Our sample size is relatively small but we included patients with moderate to severe hyperkalemia who, in our opinion, constitute an im- portant cohort in which precise measurement of serum potassium mat- ters. Because our design is retrospective, though our endeavor to avoid we cannot guarantee, some potassium pairs might have some time lapse between them. Despite these shortcomings, this study is the first to report a significant difference between blood gas analyzer and bio- chemistry analyzer for serum potassium measurements.

In conclusion, our results show for the first time that, at higher spec- trum of serum potassium levels, blood gas analyzer and central labora- tory biochemistry analyzer differ significantly in the measurement of serum potassium. This difference at this level of serum potassium may

translate into significant clinical consequences when blood gas analyzer results are accepted in isolation without biochemistry results. Further larger sample-sized studies are needed to establish the difference of the performance characteristics of these 2 methods in the measurement of serum potassium levels.

References

  1. Kovesdy CP. Management of hyperkalaemia in chronic kidney disease. Nat Rev Nephrol 2014;10:653-62.
  2. Mirzazadeh M, Morovat A, James T, Smith I, Kirby J, Shine B. Point-of-care testing of electrolytes and calcium using blood gas analysers: it is time we trusted the results. Emerg Med J 2015.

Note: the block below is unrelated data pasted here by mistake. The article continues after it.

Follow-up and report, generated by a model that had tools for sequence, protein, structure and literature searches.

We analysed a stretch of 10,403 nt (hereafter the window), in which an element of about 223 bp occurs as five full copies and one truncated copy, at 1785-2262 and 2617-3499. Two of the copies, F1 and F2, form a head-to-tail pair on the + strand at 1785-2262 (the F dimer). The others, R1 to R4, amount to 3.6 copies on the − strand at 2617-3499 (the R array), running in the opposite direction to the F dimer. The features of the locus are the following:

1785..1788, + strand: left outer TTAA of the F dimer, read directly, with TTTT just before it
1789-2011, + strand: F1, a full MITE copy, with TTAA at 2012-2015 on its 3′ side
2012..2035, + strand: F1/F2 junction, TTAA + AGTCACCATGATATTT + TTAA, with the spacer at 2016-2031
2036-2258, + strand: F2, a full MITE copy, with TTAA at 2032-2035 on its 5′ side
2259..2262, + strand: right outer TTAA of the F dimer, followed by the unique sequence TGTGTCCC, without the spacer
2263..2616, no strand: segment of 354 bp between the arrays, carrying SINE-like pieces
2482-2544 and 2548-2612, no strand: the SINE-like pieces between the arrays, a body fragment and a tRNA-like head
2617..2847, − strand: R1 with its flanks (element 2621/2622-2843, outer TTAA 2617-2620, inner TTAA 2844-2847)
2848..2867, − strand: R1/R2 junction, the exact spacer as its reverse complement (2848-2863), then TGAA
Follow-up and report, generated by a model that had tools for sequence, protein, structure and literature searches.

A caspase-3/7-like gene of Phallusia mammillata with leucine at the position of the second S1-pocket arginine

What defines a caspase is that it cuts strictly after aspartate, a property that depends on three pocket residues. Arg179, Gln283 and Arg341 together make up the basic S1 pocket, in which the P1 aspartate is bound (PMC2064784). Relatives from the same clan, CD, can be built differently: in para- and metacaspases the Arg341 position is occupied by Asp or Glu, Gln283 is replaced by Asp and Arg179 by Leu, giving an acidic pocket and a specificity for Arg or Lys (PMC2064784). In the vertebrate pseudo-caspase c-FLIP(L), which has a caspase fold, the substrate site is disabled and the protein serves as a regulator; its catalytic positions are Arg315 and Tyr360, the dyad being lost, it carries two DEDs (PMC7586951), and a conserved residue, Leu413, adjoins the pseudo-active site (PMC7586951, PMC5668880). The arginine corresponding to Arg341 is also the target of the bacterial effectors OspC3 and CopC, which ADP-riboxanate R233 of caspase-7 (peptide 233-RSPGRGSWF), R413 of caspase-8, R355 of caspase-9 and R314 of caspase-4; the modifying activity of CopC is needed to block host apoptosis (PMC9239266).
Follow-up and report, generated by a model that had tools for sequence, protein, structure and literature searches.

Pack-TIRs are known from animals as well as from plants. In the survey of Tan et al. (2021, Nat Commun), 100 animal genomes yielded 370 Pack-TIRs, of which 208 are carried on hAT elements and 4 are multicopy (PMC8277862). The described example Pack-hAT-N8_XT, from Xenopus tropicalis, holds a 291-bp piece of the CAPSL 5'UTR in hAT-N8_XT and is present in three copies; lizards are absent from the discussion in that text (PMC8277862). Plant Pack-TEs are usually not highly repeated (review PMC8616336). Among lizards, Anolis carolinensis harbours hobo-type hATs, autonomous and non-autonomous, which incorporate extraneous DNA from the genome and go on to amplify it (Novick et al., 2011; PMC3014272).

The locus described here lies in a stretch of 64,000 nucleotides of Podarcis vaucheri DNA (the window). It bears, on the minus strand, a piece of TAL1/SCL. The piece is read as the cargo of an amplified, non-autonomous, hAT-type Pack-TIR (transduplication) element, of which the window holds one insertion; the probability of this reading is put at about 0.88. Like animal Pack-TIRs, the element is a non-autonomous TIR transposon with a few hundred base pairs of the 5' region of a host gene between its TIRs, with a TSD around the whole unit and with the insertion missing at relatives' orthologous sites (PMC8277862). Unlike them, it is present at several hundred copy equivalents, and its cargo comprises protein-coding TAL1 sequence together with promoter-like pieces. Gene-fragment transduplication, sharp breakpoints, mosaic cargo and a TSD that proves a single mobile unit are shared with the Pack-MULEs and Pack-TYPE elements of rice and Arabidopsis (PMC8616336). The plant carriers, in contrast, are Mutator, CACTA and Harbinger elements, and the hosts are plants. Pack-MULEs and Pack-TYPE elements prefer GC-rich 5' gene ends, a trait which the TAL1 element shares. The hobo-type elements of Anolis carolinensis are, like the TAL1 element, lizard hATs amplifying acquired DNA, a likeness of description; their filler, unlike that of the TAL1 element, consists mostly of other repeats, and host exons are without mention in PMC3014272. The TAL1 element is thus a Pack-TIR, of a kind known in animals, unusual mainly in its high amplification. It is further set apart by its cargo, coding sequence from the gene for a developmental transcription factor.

3. Quinn LM, Hamnett N, Wilkin R, Sheikh A. Arterial blood gas analysers: accuracy in determining haemoglobin, glucose and electrolyte concentrations in critically ill adult patients. Br J Biomed Sci 2013;70:97-100.
  4. Bloom BM, Connor H, Benton S, Harris T. A comparison of measurements of sodium, potassium, haemoglobin and creatinine between an emergency department-based point-of-care machine and the hospital laboratory. Eur J Emerg Med 2014;21:310-3.
  5. Jain A, Subhan I, Joshi M. Comparison of the point-of-care blood gas analyzer versus the laboratory auto-analyzer for the measurement of electrolytes. Int J Emerg Ment Med 2009;2:117-20.
  6. Jose RJ, Preller J. Near-patient testing of potassium levels using arterial blood gas analysers: can we trust these results? Emerg Med J 2008;25:510-3.
  7. Johnston HL, Murphy R. Agreement between an arterial blood gas analyser and a ve- nous blood analyser in the measurement of potassium in patients in cardiac arrest. Emerg Med J 2005;22:269-71.
  8. Budak YU, Huysal K, Polat M. Use of a blood gas analyzer and a laboratory autoanalyzer in routine practice to measure electrolytes in intensive care unit pa- tients. BMC Anesthesiol 2012;12:17.